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The Wild Side of Early Oil
Boom Town Vocabulary
Ben Hogan
Oil Country Stories



Crime and vice were rampant in the boom towns, at times reaching a considerable threat to the well-being of a town and its citizenry. California in the 1849 gold rush had already shown the way, so it wasn’t with much surprise to the populace when ruffians and rowdies were seen elbowing their drunken way across the muddy streets of the eastern oil towns. Disreputable characters seemed to gravitate to the oilfields where drillers, rig hands, teamsters, promoters and investors had money in their pockets. Unguarded moments at the saloon or brothel were bound to happen and wallets were lifted. There were periods without law and this vacancy was filled by gangs led by toughs such as Stonehouse Jack (attempted to burn down Titusville) and Bully Tom Quirk (frequented Petroleum Centre). The prostitutes had their own code, and the more prosperous among them owned or ran brothels while the recent arrivals might have to start out in shacks no bigger than a crib. The oil region in the mid eighteen sixties and later saw many outrages caused by the criminal element, but there were also colorful events, entertainment (if you call it that) and bars galore all serving the same rotgut.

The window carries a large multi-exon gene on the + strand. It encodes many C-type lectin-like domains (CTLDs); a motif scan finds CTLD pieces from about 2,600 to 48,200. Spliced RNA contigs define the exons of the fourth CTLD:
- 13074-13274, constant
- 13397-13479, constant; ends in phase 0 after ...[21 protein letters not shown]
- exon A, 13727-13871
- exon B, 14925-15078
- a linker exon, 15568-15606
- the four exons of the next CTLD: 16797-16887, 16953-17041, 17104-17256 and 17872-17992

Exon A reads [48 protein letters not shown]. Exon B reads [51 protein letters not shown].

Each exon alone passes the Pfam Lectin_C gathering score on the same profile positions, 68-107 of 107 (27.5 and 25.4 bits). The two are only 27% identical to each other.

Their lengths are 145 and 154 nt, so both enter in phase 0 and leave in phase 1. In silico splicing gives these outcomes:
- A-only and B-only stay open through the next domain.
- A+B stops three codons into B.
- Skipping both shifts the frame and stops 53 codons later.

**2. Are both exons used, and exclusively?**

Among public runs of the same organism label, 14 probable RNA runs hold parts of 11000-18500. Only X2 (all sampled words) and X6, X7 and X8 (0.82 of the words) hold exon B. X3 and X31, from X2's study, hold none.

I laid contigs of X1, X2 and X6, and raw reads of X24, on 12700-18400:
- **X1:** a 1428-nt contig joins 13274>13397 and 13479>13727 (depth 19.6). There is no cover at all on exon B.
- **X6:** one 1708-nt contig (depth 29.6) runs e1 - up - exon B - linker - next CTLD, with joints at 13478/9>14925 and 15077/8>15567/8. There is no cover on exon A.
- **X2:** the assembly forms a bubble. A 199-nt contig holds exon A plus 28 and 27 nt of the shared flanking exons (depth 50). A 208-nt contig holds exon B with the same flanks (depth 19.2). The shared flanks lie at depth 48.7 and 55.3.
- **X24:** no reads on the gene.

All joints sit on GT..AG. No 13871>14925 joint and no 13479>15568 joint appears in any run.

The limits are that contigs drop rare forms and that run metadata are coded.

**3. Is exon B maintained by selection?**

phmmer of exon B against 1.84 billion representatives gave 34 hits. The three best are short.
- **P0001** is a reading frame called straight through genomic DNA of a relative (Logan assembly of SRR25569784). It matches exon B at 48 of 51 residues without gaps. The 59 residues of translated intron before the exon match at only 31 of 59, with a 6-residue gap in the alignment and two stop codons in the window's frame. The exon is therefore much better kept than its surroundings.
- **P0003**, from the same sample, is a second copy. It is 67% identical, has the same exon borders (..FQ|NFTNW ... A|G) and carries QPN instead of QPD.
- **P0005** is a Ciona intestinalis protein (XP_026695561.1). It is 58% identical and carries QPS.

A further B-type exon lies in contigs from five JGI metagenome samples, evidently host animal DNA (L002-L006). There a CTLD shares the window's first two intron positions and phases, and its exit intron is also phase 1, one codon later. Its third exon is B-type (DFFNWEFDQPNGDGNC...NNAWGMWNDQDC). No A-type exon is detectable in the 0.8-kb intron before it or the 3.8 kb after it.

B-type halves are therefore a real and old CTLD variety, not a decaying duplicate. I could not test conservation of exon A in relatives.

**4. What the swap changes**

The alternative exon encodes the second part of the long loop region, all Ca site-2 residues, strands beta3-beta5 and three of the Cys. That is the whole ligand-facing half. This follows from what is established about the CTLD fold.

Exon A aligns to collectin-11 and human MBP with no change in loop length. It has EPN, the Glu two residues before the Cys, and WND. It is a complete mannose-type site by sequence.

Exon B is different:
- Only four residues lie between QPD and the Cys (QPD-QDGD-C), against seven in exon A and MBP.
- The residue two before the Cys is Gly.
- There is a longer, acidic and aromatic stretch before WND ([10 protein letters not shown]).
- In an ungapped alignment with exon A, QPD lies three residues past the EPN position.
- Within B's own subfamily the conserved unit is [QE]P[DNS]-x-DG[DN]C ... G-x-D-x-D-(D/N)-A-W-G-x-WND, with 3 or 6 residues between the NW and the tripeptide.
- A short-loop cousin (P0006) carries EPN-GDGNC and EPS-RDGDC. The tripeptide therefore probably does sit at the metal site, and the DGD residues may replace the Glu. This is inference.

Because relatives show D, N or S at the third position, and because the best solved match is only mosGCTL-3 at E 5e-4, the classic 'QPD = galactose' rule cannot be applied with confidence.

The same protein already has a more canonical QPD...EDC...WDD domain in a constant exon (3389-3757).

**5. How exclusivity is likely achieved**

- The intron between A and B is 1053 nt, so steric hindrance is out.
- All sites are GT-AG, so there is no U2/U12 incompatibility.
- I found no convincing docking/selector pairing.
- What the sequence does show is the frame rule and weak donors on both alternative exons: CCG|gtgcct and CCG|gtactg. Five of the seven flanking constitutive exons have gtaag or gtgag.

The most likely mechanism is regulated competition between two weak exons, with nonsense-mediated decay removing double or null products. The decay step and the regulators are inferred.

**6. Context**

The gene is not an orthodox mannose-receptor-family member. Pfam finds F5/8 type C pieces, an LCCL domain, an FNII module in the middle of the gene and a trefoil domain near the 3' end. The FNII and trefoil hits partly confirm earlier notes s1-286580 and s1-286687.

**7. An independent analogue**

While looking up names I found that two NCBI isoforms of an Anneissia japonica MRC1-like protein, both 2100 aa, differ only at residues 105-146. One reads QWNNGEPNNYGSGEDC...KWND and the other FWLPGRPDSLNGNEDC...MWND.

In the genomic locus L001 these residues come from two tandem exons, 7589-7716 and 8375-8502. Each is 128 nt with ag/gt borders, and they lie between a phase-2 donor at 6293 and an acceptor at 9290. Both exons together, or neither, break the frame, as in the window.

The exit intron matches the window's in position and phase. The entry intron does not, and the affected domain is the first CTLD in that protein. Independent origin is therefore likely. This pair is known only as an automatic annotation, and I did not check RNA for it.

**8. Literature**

Many authors and historians of the early oil days devoted some of their pages to these wild times. They’re a part of history. The bigger-than-life scenes perpetrated by these disreputable characters needed no embellishment. One of the best accounts of this era is in the book The Golden Flood written by Herbert Asbury in 1942. He aptly named that chapter “Sin Among the Derricks”. Asbury also wrote Gangs of New York of which a movie was made. For other sources of descriptions of the lawless days of early oil see the bibliography.

How and why did the oil region become a mecca for toughs and criminals? The oil region offered many attractions, excitement, and money. Discharged Civil War soldiers flocked to the oil belt and the boom towns. They swelled the population, and some of them joined the ranks of the gangs while a few preferred to enter the maelstrom on their own. The swill of several big eastern cities like Buffalo found the allure of the oil crowds and towns too tempting to resist. They migrated into the oil belt, but drilling for oil was the last thing on their minds.

© 2004, Samuel T. Pees
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